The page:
If you bought a Nexus 9 recently and found that you weren’t quite entirely happy with its asking price, you might be surprised to hear that HTC is preparing to re-enter the tablet market on their own next year, with more high-end tablets. The Nexus 9 marks not only the first partnership between Google and HTC since the Nexus One, but HTC’s first tablet since the HTC Flyer, which was released back when Honeycomb wasn’t even a thing yet. The 7-inch pad had some decent attributes going for it, most notably the pen input, but software was not its strong suit. Since then however, HTC Sense has come on leaps and bounds, and Sense 6 is one of the more useful touches on Android out there and it looks like a Sense-powered tablet could be on the way.
In a report from Focus Taiwan, HTC’s President for North Asia, Jack Tong, is quoted as saying that “It’s not a profitable market” when talking about the low-end tablet market and went on to say that there’s “actually a bit more room for growth and product differentiation in the high-end and mid-tier tablet segments”. Tong went on to talk about 7-inch tablets and how larger smartphones were making them almost obsolete, with 5.5-inch devices blurring the lines between tablet and smartphone, there doesn’t appear to be much room for a small tablet in many people’s daily lives – myself included.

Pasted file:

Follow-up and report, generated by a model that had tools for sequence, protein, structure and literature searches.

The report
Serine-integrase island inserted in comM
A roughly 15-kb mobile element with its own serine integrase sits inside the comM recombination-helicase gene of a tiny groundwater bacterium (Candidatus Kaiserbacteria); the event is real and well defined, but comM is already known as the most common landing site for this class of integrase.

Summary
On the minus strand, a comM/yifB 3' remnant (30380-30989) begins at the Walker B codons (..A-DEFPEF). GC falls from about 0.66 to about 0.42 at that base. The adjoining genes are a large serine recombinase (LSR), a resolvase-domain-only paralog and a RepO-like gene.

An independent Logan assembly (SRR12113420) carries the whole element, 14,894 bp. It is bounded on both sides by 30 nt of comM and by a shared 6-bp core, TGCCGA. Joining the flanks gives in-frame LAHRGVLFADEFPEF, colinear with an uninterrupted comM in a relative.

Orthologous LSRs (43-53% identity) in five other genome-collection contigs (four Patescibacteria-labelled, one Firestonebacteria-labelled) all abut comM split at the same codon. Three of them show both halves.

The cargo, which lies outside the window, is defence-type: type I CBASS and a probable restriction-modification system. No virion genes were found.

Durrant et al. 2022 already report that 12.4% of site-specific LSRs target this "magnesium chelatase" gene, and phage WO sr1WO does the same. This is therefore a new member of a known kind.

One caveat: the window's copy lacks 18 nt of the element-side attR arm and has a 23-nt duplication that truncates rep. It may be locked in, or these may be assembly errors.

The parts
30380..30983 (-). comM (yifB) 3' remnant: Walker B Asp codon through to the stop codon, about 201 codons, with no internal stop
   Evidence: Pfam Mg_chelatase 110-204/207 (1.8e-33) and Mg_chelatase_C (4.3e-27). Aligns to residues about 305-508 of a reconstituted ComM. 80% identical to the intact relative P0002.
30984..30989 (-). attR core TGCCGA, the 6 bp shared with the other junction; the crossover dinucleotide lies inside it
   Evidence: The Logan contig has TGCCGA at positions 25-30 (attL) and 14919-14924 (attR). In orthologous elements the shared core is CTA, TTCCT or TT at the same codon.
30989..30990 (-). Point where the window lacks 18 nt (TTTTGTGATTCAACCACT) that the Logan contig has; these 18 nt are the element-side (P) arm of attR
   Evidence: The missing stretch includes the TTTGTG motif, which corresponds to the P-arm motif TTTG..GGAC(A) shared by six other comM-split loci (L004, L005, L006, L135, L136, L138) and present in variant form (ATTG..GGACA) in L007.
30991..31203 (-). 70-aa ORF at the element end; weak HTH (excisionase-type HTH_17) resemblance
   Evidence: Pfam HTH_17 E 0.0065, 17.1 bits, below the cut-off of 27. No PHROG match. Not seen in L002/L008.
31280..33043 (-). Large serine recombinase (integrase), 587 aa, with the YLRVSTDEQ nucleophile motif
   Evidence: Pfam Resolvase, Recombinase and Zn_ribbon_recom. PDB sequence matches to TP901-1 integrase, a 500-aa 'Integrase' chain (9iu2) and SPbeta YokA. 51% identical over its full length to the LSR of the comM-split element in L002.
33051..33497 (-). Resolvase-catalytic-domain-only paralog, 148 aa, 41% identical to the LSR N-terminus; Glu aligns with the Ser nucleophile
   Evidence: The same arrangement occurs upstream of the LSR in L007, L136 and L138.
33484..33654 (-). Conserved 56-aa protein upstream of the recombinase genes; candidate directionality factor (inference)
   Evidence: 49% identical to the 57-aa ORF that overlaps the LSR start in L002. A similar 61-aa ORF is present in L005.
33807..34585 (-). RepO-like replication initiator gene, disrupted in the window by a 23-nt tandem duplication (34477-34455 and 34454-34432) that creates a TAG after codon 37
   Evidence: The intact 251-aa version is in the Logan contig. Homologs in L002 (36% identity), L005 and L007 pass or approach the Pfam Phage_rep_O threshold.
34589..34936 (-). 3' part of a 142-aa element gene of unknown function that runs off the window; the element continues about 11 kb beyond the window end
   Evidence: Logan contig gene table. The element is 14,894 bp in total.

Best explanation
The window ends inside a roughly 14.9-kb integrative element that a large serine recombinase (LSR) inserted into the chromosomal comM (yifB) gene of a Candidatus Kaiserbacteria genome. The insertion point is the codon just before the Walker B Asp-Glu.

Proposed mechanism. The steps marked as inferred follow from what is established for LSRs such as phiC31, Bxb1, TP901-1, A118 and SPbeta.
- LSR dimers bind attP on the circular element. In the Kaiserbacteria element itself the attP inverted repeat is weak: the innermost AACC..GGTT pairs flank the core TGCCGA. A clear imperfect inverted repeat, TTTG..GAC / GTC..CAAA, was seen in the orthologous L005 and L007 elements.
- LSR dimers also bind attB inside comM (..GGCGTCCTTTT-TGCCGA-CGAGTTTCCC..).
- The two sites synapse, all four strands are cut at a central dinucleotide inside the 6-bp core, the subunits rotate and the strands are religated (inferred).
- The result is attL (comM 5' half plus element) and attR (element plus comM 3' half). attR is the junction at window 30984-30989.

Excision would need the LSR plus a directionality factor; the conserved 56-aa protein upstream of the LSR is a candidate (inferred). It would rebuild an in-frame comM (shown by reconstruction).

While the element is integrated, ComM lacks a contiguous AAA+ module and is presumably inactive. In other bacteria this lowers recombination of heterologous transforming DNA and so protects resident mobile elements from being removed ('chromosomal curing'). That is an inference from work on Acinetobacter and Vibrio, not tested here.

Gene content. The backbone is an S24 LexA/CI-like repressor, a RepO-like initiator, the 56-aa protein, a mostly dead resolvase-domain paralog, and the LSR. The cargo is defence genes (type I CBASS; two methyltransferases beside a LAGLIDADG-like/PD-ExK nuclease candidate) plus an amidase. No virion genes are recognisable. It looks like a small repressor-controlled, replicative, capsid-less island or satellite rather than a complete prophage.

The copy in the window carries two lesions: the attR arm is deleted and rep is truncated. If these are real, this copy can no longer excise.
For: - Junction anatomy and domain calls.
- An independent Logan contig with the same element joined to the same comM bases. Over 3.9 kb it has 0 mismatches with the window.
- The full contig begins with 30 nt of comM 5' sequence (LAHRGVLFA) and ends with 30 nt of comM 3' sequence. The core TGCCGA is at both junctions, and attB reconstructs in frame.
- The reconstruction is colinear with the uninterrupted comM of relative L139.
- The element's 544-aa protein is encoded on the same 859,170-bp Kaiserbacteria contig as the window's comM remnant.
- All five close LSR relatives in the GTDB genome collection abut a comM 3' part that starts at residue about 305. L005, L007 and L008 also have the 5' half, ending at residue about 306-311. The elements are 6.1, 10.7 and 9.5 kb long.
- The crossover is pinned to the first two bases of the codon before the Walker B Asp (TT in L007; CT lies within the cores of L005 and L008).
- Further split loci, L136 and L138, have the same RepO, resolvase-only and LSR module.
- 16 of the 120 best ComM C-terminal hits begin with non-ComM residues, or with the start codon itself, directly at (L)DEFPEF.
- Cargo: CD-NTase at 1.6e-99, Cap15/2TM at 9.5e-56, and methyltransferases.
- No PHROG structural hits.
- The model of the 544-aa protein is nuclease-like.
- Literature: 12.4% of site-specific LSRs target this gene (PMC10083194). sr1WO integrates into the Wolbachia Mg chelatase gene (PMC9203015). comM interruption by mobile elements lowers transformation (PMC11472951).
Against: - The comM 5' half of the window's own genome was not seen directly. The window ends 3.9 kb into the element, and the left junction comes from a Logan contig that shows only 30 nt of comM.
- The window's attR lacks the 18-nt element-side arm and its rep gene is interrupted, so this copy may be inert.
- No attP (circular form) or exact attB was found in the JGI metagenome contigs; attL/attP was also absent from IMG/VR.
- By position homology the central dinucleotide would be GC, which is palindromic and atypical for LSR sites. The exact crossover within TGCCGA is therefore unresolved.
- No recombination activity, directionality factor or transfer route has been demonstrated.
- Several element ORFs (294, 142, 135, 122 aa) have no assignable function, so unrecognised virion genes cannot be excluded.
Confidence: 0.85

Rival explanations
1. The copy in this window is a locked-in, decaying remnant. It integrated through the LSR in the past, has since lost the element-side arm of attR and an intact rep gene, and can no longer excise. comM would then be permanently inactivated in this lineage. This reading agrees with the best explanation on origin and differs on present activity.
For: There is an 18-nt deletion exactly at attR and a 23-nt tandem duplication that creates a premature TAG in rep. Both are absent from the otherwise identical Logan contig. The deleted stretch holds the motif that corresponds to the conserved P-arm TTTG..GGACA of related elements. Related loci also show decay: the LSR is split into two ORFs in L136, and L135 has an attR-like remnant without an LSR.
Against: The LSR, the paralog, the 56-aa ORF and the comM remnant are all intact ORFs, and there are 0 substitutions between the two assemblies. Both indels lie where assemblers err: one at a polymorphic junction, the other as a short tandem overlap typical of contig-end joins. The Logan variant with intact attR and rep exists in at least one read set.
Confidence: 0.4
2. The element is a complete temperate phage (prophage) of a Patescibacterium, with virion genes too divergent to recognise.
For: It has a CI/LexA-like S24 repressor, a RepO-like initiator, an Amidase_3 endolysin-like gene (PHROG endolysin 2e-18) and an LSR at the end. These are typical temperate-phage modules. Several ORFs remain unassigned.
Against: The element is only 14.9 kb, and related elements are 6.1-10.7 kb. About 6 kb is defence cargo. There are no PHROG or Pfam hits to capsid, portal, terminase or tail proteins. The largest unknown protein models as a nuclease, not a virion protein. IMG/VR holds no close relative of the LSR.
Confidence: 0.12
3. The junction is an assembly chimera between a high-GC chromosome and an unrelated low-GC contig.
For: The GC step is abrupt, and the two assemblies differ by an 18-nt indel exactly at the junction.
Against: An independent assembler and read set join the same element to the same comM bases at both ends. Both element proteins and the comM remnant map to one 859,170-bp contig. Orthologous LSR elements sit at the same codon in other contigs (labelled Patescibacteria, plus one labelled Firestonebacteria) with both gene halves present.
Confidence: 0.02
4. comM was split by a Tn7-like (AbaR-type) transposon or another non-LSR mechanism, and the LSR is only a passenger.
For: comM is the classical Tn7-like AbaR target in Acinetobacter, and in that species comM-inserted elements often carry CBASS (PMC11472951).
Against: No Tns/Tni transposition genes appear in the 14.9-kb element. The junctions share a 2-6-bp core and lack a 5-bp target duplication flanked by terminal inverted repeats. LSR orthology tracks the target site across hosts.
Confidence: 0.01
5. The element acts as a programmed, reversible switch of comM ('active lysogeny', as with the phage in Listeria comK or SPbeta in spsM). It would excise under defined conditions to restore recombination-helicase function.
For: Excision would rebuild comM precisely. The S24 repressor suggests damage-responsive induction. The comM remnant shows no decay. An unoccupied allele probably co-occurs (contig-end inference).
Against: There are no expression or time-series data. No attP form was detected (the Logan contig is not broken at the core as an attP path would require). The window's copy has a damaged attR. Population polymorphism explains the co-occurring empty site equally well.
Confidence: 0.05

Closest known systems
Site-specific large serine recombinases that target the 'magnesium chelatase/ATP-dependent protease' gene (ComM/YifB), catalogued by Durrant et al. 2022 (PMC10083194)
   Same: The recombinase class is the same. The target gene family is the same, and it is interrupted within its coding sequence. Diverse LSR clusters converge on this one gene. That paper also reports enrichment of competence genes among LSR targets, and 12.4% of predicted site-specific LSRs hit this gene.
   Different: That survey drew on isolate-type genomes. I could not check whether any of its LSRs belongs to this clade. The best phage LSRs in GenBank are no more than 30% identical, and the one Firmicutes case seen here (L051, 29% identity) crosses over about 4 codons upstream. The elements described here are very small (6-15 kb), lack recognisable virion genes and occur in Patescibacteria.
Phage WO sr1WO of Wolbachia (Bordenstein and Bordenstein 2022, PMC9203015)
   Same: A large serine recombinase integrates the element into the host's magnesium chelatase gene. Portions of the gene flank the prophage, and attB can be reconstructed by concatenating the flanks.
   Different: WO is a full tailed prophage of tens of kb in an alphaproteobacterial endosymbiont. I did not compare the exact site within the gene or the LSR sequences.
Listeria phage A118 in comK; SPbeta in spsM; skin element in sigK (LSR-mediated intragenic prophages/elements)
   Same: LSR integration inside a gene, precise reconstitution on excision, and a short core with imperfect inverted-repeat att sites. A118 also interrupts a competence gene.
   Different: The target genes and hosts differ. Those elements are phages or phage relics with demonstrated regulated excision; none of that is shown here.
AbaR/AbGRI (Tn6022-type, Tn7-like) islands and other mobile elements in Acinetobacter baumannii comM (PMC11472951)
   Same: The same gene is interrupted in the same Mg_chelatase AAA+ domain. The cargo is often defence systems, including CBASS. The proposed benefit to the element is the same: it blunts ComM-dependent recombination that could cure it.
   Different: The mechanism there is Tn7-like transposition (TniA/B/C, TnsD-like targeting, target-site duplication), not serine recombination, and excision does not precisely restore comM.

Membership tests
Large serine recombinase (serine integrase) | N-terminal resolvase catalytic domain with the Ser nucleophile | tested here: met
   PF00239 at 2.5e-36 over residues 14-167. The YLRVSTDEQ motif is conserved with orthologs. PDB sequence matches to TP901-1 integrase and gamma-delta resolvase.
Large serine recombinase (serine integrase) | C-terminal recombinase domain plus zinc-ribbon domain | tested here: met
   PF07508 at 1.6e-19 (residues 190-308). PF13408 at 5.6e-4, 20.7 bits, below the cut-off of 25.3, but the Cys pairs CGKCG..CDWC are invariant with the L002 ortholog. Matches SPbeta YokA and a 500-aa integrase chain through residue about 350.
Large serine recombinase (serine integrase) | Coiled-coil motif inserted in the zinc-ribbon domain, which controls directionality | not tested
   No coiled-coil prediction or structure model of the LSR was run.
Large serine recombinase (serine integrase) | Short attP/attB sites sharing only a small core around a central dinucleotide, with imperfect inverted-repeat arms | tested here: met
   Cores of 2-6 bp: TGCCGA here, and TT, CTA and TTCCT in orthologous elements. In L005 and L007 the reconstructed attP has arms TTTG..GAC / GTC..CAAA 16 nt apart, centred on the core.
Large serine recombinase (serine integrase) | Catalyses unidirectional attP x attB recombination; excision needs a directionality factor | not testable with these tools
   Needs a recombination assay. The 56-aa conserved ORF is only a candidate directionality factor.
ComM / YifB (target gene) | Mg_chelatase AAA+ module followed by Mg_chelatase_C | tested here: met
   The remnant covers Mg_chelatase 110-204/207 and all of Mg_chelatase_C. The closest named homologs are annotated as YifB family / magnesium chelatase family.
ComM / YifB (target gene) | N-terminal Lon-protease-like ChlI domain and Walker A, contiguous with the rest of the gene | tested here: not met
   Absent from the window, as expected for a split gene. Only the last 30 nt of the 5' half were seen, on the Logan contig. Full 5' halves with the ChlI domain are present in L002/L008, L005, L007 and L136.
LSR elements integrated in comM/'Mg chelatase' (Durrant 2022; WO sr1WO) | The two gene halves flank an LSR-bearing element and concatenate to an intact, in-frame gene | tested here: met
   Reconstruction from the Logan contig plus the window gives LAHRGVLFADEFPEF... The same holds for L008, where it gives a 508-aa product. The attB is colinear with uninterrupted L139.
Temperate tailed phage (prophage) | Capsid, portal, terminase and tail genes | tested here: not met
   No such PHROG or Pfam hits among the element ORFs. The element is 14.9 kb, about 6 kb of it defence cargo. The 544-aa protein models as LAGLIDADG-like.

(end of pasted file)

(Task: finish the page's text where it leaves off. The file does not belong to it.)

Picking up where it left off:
The Nexus 9 has been receiving some interesting press with regards to its overall build quality, and while my white unit seems pretty solid to me, there are some very questionable appearances of poor build. If HTC wants to become successful in the tablet game, and I believe they can, they need their devices to live up to their price tags, regardless of whether or not they’re from Google or from HTC themselves. There’s no excuse for poor build, and HTC will need to bring the same sort of premium look and feel of the HTC One (M8) if they aim to shift serious amounts of high-end tablets.